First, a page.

Sutherland also analyzed how the rule differs in the context of previous PTE definitions, including cases where relief for the purchase of different types of securities has been revoked, and a litany of miscellaneous callouts pertaining to allocation, use of proceeds, underwriting, market-making, mortgage pool investment trusts, and more (Sutherland, p.20, 22-23).
Regardless of the exemptions, the Final Rule forced many fiduciaries - including a host of newly-defined fiduciaries - to significantly re-work the way their firms earned revenue.
Impact & Criticism
Most critics of the Final Rule, at least ostensibly, voiced their support for the rule's objective - that fiduciaries should take some level of responsibility for balancing the interests of their clients against the revenue requirements of their practice. Their issue was with the execution of the rule, and the impact it would have on investors and the broader retirement industry. While the DOL make some concessions in response to the backlash, critics still objected that the DOL lacked both the jurisdictional authority and the finance competence to demand such sweeping changes. Beyond procedural questions, critics also lambasted the DOL's cost-benefit analysis, concerned that a haphazard execution would drive up operating costs that would ultimately fall on the investors the Final Rule was intended to protect. After all, the broader goal - and urgent need - is to get more American workers onto retirement plans, not make them more expensive (Sutherland, p.3, 6).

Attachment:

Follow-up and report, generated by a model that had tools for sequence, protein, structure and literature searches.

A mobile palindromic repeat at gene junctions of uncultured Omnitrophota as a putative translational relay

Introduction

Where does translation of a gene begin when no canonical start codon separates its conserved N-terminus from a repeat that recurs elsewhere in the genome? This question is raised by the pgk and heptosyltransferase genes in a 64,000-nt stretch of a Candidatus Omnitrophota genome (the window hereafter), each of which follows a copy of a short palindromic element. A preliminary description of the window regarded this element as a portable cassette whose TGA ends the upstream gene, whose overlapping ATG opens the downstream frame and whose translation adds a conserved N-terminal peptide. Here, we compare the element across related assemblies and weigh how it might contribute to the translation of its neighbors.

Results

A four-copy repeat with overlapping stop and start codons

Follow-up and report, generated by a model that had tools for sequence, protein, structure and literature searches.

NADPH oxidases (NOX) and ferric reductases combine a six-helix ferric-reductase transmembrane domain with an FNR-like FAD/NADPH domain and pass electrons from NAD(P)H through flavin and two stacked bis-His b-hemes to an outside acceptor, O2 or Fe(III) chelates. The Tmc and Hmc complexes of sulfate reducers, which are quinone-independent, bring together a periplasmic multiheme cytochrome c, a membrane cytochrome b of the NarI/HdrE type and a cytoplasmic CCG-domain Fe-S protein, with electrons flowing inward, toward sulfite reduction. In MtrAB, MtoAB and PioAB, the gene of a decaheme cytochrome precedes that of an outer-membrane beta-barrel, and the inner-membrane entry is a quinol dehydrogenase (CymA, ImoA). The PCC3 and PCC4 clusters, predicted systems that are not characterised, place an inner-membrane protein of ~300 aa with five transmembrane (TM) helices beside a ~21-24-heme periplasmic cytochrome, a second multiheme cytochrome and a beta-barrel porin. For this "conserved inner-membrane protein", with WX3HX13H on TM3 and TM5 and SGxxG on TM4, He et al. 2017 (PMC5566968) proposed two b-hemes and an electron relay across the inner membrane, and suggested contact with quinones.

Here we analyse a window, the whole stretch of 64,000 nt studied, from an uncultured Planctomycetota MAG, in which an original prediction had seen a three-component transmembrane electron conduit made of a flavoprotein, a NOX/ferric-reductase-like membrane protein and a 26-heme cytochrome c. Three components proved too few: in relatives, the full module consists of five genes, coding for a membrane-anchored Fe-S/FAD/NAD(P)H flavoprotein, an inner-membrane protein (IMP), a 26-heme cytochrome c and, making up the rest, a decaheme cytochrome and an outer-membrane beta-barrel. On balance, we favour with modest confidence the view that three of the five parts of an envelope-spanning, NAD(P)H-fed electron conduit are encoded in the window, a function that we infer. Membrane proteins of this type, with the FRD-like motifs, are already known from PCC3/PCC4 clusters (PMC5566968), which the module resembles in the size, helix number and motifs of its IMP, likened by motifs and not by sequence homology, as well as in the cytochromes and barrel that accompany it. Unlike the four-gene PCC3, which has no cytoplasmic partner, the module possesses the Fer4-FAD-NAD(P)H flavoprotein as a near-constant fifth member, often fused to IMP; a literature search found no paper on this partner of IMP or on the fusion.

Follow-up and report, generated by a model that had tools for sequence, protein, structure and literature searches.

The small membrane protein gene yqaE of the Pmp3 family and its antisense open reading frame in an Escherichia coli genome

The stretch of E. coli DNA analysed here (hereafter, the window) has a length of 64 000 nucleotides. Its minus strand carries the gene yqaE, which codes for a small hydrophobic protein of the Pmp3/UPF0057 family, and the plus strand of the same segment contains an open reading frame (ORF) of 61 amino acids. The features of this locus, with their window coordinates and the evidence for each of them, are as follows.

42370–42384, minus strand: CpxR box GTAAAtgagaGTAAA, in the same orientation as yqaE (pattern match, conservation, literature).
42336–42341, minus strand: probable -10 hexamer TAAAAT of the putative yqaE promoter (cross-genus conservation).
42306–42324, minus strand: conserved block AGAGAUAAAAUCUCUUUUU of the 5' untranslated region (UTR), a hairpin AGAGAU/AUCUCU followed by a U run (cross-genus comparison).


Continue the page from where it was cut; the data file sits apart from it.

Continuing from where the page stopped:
Negative feedback notwithstanding, the Final Rule went into effect in April 2017, with the complex of exemptions and all PTE conditions going live the following January. Retirement product/service providers adjacent to qualifying plans were forced to respond in a few key ways. Firstly, avoid fiduciary status if possible, although the Final Rule makes this much more difficult. Secondly, go on the offensive against conflicted interests, either by passing extra revenue to qualifying plans themselves, or by outsourcing advice that creates varying revenue to an independent third party. Finally, barring those strategies, simply adapt, and rebuild a revenue strategy around BICE and other exemptions (Sutherland, p.2, 24).